As composers have brought out the kritis with infinite poetic imagination and sheer simplicity of expression, I believe, we must sing them by reflecting the ardent outpouring of the intense urge steeped in the Bhakthi Rasa, by understanding the meaning of the songs, emphasises, senior musician vocalist Sugantha Kalamegam, reflecting the thought process of her gurus, vocal maestro T K Govinda Rao and Trivandrum Venkataraman, a great veena exponent.
Vocalist Sugantha Kalamegam is an artiste of repute, one of the few top-graded artiste of All India Radio (AIR), well known for upholding the tradition of this art form.
With a totally sruti-aligned voice, Sugantha’s raga elaboration, neraval and swaram-singing have won her acclaim. It is no surprise that the Music Academy, Chennai, has chosen her as the best female vocalist of the year thrice. She has even performed in the UK, France and USA.
As a strong believer of Gurukula system, she is convinced that one can learn the nuances of music better through mano dharma sangeetham. She is emphatic when she says that musicians should concentrate on sahitiya bhava to appreciate the beauty of the composition keeping its meaning in mind, instead of solely concentrating on ‘musicality with a mellifluous voice’.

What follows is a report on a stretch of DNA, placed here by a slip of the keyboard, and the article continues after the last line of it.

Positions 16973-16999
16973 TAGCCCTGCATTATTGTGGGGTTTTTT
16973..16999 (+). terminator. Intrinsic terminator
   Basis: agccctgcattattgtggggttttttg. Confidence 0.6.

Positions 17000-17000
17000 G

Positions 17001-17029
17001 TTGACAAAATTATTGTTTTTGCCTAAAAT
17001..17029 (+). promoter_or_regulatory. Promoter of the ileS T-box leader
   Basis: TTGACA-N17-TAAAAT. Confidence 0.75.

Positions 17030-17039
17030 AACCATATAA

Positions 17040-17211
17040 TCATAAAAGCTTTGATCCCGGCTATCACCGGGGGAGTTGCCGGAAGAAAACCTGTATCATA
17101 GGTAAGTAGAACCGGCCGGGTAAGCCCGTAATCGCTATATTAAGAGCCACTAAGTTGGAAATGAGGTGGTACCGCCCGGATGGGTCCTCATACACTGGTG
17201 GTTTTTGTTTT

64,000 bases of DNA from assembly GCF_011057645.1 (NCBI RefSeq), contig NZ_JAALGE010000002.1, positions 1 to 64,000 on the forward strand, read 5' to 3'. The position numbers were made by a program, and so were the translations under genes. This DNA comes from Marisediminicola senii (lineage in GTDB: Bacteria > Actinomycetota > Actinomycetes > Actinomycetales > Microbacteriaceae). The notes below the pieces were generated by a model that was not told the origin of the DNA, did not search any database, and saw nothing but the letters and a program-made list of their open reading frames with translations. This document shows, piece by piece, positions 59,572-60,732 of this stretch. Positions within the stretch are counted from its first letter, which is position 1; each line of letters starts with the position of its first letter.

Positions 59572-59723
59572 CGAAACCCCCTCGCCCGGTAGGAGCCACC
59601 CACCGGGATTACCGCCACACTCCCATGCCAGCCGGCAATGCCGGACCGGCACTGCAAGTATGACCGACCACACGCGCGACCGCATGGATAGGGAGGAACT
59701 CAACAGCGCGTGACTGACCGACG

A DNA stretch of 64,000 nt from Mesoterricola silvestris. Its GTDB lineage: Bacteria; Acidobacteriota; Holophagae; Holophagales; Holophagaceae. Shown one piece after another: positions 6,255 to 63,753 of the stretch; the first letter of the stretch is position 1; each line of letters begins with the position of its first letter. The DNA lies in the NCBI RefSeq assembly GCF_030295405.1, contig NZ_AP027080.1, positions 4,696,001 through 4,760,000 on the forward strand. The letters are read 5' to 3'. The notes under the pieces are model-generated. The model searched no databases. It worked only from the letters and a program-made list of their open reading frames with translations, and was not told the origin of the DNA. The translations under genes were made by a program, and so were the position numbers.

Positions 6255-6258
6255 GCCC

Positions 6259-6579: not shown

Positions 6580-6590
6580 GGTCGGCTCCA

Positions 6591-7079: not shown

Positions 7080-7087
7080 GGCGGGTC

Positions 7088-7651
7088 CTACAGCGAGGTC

The subject of ragas fascinates this artiste, who affirms that only the time-tested ragas like Thodi, Bhairavi, Kalyani and Khambodi have a wide classical canvas and cannot be replaced by the ‘new ragas’ by singing in scalar module and traversing the notes up and down. She says that ‘aesthetics’ cannot be introduced, but only be infused’ as kalpana sangeetham (extempore) becomes kalpitha sangeetham (memorised). She prefers to preserve our musical heritage and is emphatic that one should not just aim at ‘mass appeal’, but deliver the kriti with proportional elaborations, revealing the divinity, with the development of a ‘voice culture’ that can produce dasavidha gamagams.
What are the most essential requirements in the musical arena that she would emphasis as a torch-bearer of this great tradition? “First is devotion to the guru and the other is great love for our imperishable heritage of Carnatic music and the desire to preserve this heritage for our prosperity,” she concludes.
We are in total agreement, indeed.